The Incredible Typewriter Assemblage Sculpture of Jeremy Mayer » Design You Trust
Jeremy Mayer makes sculpture almost exclusively from one source- the mechanical typewriter.
His interest in vivisecting the typewriter goes back to the age of 10, when he would type on his family’s 1920’s Underwood typewriter while typing song lyrics he heard while watching MTV. He began making sculpture from typewriters in 1994.
He maintains that his work as a mechanic, package designer, sculptor’s assistant, illustrator, and stained glass restorer gave him the skillset that organically led him to use typewriters as a sculptural medium in order to bring his ruminations about nature and technology to life.
His process has some very specific rules, which he says create surprising and unexpected outcomes; one of the reasons that he’s done this work for over 25 years.
Typewriters are sourced from yard sales, thrift shops, and sometimes from typewriter repair shops. Mayer prefers machines that are fairly common, beyond reasonable repair, and in the most favorable scenario, on their way to the landfill. He doesn’t source them online, as he finds that there are plenty of broken machines nearby for his needs. Shipping and driving long distances for source material are antithetical to his ideas about maintaining a minimal environmental impact as an artist and human.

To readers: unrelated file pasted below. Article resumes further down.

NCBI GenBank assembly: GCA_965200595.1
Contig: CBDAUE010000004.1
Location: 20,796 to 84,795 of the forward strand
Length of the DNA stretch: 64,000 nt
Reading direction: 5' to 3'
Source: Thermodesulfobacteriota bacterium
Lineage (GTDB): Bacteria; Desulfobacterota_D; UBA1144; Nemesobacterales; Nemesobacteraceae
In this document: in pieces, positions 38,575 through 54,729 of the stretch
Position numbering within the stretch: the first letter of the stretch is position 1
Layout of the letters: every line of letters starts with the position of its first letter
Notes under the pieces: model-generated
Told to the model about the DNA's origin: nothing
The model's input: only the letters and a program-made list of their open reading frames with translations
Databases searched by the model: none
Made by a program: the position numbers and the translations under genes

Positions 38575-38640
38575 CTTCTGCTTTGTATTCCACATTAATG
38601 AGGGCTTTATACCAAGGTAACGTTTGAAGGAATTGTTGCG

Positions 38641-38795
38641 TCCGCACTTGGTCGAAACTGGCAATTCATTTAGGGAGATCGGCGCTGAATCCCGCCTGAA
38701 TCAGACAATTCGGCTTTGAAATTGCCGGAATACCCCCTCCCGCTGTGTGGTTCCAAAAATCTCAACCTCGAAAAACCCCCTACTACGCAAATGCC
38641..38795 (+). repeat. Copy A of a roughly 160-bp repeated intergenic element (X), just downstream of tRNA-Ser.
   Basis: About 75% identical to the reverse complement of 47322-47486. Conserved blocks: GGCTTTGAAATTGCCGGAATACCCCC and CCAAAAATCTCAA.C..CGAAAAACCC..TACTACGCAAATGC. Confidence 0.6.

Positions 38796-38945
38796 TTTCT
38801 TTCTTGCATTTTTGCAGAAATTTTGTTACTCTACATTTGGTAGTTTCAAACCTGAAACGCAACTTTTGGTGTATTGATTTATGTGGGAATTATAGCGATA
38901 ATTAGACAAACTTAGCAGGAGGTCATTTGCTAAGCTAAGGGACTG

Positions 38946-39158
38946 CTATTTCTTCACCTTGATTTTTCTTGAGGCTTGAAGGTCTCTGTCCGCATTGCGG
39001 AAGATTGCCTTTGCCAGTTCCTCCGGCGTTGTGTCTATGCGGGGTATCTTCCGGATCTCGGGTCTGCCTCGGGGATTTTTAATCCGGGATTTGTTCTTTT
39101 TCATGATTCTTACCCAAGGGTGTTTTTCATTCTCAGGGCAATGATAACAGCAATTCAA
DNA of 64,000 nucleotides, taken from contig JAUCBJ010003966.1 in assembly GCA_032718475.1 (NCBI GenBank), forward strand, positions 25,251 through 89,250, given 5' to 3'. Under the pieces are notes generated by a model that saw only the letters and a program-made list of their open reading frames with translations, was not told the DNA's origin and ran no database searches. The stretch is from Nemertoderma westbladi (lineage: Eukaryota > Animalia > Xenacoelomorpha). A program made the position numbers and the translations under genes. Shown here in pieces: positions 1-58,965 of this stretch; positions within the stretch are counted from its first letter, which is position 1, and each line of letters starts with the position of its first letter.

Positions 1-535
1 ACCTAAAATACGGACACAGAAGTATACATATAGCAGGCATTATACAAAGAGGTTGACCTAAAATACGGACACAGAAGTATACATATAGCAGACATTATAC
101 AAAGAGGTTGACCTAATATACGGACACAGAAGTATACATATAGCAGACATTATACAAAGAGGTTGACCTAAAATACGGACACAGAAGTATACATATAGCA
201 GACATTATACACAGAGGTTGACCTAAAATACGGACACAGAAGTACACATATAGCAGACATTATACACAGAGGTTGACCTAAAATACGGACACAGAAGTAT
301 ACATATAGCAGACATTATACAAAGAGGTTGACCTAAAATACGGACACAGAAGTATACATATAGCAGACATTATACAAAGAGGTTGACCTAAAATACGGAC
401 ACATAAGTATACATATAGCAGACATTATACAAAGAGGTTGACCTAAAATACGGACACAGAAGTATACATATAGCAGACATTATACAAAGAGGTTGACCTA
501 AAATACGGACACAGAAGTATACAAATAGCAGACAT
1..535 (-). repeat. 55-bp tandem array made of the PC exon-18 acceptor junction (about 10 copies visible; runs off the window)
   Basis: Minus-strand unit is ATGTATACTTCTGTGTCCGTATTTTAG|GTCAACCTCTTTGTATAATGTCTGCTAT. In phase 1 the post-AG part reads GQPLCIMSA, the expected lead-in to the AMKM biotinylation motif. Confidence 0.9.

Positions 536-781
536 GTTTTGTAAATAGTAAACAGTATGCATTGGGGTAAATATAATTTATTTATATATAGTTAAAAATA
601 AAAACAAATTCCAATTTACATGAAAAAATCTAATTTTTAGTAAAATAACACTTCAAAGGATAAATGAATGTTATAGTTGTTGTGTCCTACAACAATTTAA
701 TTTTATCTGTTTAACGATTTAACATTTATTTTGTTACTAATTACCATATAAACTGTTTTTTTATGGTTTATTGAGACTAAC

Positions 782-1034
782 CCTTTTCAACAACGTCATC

The machines are then disassembled, sometimes to their very smallest components and assemblies. It’s important that the parts don’t become marred, scratched, or broken in the disassembly process, so no power tools are used. Just screwdrivers, wrenches, pliers, etc.
The parts are then categorized and put into bins and sometimes unused typewriter cases, then stored.
In making these sculptures, no process other than cold assembly is used. Welding, soldering, and gluing are too destructive to the finish and fit of the typewriter components. Only the screws, nuts, pins, springs, and other myriad connective elements that come out of the typewriter are used in the assembly of the sculpture, in ways that emulate the assembly methods used when the typewriters were originally built in the 20th century. The components are bent, drilled, or altered as minimally as possible.
For larger work, an armature may be used to support the weight of the work, but the smaller sculptures are entirely made from typewriters, without using any store-bought fasteners.
Mayer draws inspiration from the basic rules to which natural forms are bound, and insists that the appearance and function of machine components are inseparable from naturally occurring biological processes at all scales.